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MFA Mortgage Investments (NYSE:MFA)

Q1 2008 Earnings Call

April 30, 2008; 10:00 am ET

Executive

Stewart Zimmerman - Chairman of the Board, President, Chief Executive Officer

William Gorin - Chief Financial Officer, Executive Vice President

Ronald Freydberg - Executive Vice President, Chief Portfolio Manager

Teresa Covello - Senior Vice President, Chief Accounting Officer, Treasurer

Craig Knutson - Senior Vice President

Deborah Yang - Vice President

Timothy Korth II - Senior Vice President - Business Development, General Counsel, Secretary

Analyst

Steve DeLaney - JMP Securities

Jason Arnold - RBC Capital Markets

Mike Widner - Stifel Nicolaus & Company, Inc

Stephen Laws - Deutsche Bank Securities

Bose George - KBW

David Hochstim - Bear Stearns

Tayo Okusanya - UBS

James Delisle - Cambridge Place

Barry Cohen - Knott Partners

Hemanth Hirani - Litchfield Capital

Richard Sloan - H&R Realty

Amaru Almanaseer - 36 Capital Group

Operator

Ladies and gentlemen, thank you for standing by. Welcome to the first quarter 2008 earnings MFA Mortgage Investments conference call. At this time all participants are in a listen-only mode. Later we will conduct a question-and-answer session and instructions will be given at that time. (Operator Instructions) As a reminder this conference is being recorded today, April 30th, 2008. I would now like to turn the conference over to our host Stephanie Coyle. Please go ahead.

Stephanie Coyle

Good morning. The information discussed on this conference call today may contain or refer to forward-looking statements regarding MFA, that reflect management’s beliefs, expectations and assumptions as to MFA’s future performance and operations. Many of these statements, which are not historical in nature including those containing words such as anticipate, estimate, should, expect, believe, intend and similar expressions are intended to identify forward-looking statements. All forward-looking statements speak only as of the data on, which they are made.

These types of statements are subject to various known and unknown risks, uncertainties, assumptions and other factors including, but not limited to those relating to changes in the interest rates and the market value of MFA’s investment securities, changes in the prepayment rates on the mortgage loans securing MFA’s investment securities. MFA’s ability to borrow to finance its assets, changes in government regulations affecting MFA’s business, MFA’s ability to maintain its qualification as a real estate investment trust for federal income tax purposes. MFA’s ability to maintain its exemption from registration under the Investment Company Act of 1940 and risks associated with investing in real estate-related assets including changes in business conditions and the general economy.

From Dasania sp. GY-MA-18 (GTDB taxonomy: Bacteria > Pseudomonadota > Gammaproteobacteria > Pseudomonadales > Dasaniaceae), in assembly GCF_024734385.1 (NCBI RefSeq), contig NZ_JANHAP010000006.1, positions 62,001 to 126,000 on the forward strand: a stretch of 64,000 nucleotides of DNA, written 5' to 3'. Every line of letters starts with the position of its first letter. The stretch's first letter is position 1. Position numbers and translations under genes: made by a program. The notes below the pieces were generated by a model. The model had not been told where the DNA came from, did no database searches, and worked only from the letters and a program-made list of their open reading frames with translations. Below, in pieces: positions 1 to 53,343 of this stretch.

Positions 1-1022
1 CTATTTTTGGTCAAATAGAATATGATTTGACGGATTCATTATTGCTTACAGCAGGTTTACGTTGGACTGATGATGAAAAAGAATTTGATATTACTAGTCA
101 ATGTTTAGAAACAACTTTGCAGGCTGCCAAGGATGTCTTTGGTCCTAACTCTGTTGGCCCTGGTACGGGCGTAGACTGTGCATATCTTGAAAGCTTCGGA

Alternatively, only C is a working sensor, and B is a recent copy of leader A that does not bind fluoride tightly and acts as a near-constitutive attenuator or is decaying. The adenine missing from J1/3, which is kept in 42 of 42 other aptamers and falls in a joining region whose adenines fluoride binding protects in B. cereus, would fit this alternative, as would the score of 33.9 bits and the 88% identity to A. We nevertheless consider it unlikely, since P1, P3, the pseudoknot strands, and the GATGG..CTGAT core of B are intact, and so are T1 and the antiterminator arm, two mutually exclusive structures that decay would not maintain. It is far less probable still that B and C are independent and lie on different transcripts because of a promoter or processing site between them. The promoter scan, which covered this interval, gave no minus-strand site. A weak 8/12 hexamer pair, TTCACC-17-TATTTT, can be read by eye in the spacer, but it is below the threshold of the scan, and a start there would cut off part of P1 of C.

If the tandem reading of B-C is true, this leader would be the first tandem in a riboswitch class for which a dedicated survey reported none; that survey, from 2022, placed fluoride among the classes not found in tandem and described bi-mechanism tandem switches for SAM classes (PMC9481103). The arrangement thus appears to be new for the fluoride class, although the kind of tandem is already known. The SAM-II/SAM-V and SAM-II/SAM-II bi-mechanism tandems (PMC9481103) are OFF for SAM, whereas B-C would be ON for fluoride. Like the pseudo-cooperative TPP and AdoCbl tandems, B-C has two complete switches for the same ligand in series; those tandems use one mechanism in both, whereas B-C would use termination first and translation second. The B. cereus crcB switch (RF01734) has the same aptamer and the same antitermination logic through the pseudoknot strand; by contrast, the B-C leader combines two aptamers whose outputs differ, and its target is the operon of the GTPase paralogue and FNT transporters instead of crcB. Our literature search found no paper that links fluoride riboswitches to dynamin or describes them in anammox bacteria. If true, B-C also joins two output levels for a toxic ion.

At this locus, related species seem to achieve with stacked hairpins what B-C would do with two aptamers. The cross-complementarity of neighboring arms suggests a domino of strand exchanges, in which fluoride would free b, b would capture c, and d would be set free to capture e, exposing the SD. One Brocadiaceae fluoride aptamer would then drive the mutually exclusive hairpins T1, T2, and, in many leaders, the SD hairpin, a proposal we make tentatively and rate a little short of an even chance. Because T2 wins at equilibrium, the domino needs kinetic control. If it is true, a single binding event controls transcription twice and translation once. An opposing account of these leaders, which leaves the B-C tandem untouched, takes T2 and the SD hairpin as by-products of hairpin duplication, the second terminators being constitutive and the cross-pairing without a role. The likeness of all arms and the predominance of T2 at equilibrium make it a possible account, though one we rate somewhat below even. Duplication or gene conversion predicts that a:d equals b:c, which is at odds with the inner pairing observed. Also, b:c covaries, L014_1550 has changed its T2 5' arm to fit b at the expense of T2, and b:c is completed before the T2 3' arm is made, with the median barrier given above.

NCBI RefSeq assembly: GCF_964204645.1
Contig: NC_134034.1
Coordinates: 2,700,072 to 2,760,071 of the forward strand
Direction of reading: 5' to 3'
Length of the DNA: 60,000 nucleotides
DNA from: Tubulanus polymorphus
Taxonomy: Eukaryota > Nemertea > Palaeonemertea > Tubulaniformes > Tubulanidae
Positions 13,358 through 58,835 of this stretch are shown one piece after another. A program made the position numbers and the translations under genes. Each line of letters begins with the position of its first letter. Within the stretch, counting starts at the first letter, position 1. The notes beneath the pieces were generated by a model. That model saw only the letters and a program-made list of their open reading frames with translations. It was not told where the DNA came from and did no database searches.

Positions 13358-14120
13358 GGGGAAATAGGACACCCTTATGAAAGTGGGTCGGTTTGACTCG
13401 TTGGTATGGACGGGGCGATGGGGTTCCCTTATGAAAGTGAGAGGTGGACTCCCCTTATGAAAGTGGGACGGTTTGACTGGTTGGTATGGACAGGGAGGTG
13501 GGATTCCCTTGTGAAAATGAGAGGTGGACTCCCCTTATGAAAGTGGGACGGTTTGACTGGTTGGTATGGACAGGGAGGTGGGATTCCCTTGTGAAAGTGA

These and other risks, uncertainties and factors, including those described in MFA’s annual report on Form 10-K for the year ended December 31, 2007 and other reports that it may file from time-to-time with the Securities and Exchange Commission could cause MFA’s actual results, performance and achievements to differ materially from those projected, expressed or implied in any forward-looking statements it makes.

For additional information regarding MFA’s use of forward-looking statements, please see the relevant disclosure in MFA’s quarterly report on Form 10-Q for the quarter ended March 31, 2008, and or the press release announcing MFA’s first quarter 2008 financial results, thank you for your time. I would now like to turn this call over to Stewart Zimmerman, MFA’s Chief Executive Officer and President.

Stewart Zimmerman

Good morning and I welcome you to the MFA Investor call announcing MFA’s first quarter 2008 financial results. Joining me this morning our Bill Gorin, Executive Vice President and Chief Financial Officer; Ron Freydberg, Executive Vice President and Chief Portfolio Officer; Teresa Covello, Chief Accounting Officer; Tim Korth, General Counsel; Craig Knutson, Vice President and Deborah Yang, Vice President.

MFA Mortgage Investments today reported a net loss of $88 million or a loss of $0.61 per share of common stock for the first quarter ended March 31, 2008. For the first quarter, net income excluding items not impacting distributable income was $28.9 million or $0.20 per share of common stock. On April 1st, 2008 we announced our first quarter dividend of $0.18 per share. The dividend is being paid today, April 30th, 2008, to stockholders of record as of April 14th, 2008.

As of March 31, 2008, our book value per share was $6.30. During the quarter in light of the significant disruptions in the credit markets, we took proactive and definitive steps to adjust our leverage strategy and reduce liquidity risk by decreasing our target debt-to-equity multiple to seven to nine times from an historical norm of eight to nine times. We sold approximately $1.85 billion in mortgage-backed securities in March, 2008, consisting of $1.8 billion of agency and $50 million of AAA rated mortgage-backed securities, at an average realized loss of $25 million.

Related to these asset sales, we repaid associated repurchase agreements and terminated $1.6 billion of associated interest rate swap agreements realizing a loss of $91 million. As a result as of March 31, 2008, our debt-to-equity multiple was reduced to approximately seven times. As an update, leverage currently is approximately 7.5 times.

We remain focused on high quality agency assets and our portfolio spread has trended up in each of the last five quarters. We are currently acquiring additional agency mortgage-backed securities an incrementally higher spreads than last quarter and expect that our overall portfolio spread will increase again in the second quarter of 2008. On March 31, 2008, approximately 99% of our asset consisted of mortgage-backed securities issued or guaranteed by the agency of United States Government or a federally chartered corporation other mortgage-backed securities rated AAA by Standard & Poor’s. Mortgage-backed security related receivables and cash.